As we continue to negotiate the devastating effect of Covid, we find ourselves in a crucible. I believe that the Spirit of Christ manifested in a variety of gifts can enable us to find a way out and through. This same Christ suffered death on a crux but was raised by the action of the Spirit (Romans 8:11). This message of the cross might seem just as foolish now as it did to the supposedly super-spiritual Corinthians of the first century; but to those of us who are being saved by following in the way of the cross, we can say with Paul, that it is the power of God (1 Cor 1:18). It is the best cue action on offer. No magic is involved – just Spirit action.
 Somewhat shockingly, I only read The Crucible for the first time last week!
 Unlike some quarters of the press who exploit and castigate O’Sullivan for his tendency to give colourful off-table interviews, I have no wish to do so. He has been open about his serious battles with mental health, which is commendable; and, frankly, I think more kindness could be extended towards him in this area. It is notable that he played some of his finest snooker in years at The Crucible this year, where owing to Covid restrictions, he had less of an entourage. I focus only on his memorable comments about his cue action and the evident effects this had on him in the tournament.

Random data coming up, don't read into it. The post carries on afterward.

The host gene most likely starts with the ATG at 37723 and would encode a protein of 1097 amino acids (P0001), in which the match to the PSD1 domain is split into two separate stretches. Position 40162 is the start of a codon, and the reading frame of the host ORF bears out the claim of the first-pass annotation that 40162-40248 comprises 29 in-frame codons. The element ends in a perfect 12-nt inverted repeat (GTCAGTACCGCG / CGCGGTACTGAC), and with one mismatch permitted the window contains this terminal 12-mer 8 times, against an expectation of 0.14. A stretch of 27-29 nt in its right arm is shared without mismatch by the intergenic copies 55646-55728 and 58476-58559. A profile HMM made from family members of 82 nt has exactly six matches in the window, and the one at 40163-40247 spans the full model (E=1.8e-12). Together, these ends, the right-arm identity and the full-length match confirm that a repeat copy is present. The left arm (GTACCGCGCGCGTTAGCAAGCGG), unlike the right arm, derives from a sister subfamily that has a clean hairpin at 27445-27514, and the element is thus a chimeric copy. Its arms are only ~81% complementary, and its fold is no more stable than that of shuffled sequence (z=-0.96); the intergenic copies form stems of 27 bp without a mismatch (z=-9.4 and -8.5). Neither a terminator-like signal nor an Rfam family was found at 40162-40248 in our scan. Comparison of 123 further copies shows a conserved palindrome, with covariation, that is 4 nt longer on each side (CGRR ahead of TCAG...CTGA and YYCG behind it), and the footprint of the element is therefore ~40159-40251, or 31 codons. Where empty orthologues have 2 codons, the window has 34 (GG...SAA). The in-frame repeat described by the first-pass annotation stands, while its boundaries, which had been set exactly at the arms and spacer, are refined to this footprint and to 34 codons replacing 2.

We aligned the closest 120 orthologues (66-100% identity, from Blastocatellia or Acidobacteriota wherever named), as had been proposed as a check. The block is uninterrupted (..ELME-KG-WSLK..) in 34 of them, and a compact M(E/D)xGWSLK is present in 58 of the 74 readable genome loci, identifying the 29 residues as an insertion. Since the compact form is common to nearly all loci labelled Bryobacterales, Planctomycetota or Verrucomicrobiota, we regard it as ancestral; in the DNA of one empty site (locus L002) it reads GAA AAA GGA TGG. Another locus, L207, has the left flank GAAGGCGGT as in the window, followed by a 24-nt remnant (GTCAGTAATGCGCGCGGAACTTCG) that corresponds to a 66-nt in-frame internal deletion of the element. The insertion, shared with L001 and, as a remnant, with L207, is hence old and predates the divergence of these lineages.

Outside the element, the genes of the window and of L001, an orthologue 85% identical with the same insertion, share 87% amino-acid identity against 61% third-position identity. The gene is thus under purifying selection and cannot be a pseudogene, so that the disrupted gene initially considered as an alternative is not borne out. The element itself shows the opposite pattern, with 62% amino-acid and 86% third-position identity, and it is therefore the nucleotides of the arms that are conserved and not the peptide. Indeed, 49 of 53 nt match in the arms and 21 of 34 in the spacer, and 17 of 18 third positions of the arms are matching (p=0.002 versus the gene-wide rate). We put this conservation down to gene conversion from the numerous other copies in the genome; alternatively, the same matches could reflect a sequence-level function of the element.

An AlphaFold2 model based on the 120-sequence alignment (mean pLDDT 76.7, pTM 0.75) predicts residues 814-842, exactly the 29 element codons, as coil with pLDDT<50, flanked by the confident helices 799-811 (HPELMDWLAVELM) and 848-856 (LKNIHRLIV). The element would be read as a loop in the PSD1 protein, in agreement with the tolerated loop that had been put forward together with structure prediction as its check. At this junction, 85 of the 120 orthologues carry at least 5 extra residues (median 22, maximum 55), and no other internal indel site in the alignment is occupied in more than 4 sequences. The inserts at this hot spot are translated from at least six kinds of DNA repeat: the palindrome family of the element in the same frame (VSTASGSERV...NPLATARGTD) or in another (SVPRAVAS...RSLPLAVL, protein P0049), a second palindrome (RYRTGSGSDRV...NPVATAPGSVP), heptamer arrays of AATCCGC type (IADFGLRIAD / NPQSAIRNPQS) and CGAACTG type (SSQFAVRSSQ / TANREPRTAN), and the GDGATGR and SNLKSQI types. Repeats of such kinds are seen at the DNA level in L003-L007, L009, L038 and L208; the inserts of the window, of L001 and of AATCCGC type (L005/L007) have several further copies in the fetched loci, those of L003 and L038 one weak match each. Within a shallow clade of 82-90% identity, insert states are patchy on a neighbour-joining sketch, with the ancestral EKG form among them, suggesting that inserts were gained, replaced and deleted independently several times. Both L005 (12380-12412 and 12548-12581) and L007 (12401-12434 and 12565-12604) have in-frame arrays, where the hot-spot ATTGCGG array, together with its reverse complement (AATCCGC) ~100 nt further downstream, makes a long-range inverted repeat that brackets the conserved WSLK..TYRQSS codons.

Any theological friends reading this will be aware that it is debatable whether Paul refers to the third person of the Trinity, as eventually worked out at Nicaea some 300 years later. Yet, he undoubtedly saw this pneuma as divine, and so I capitalise it here to capture what later tradition (rightly) came to see. Pneuma was also the preserve of ancient philosophers, particularly the Stoics, and it is reasonable to think that Paul borrowed much philosophical thinking from here. For some discussion, see Lincoln Harvey (ed.), Essays on the Trinity (2018), especially the essays by Chris Tilling, ‘Paul the Trinitarian’, and Douglas Campbell, ‘The Trinity in Paul: From Confession to Ethics’; for still more advanced reflection: Wesley Hill, Paul and the Trinity: Persons, Relations, and the Pauline Letters (2015); particularly on Stoicism and pneuma: Troels Engberg-Pedersen, Cosmology and Self in the Apostle Paul: The Material Spirit (2010) and Dale Martin, The Corinthian Body (1995). I plan to read Simeon Zahl’s new book, The Holy Spirit and Christian Experience (OUP, 2020), this semester which also looks illuminating from a more systematic angle.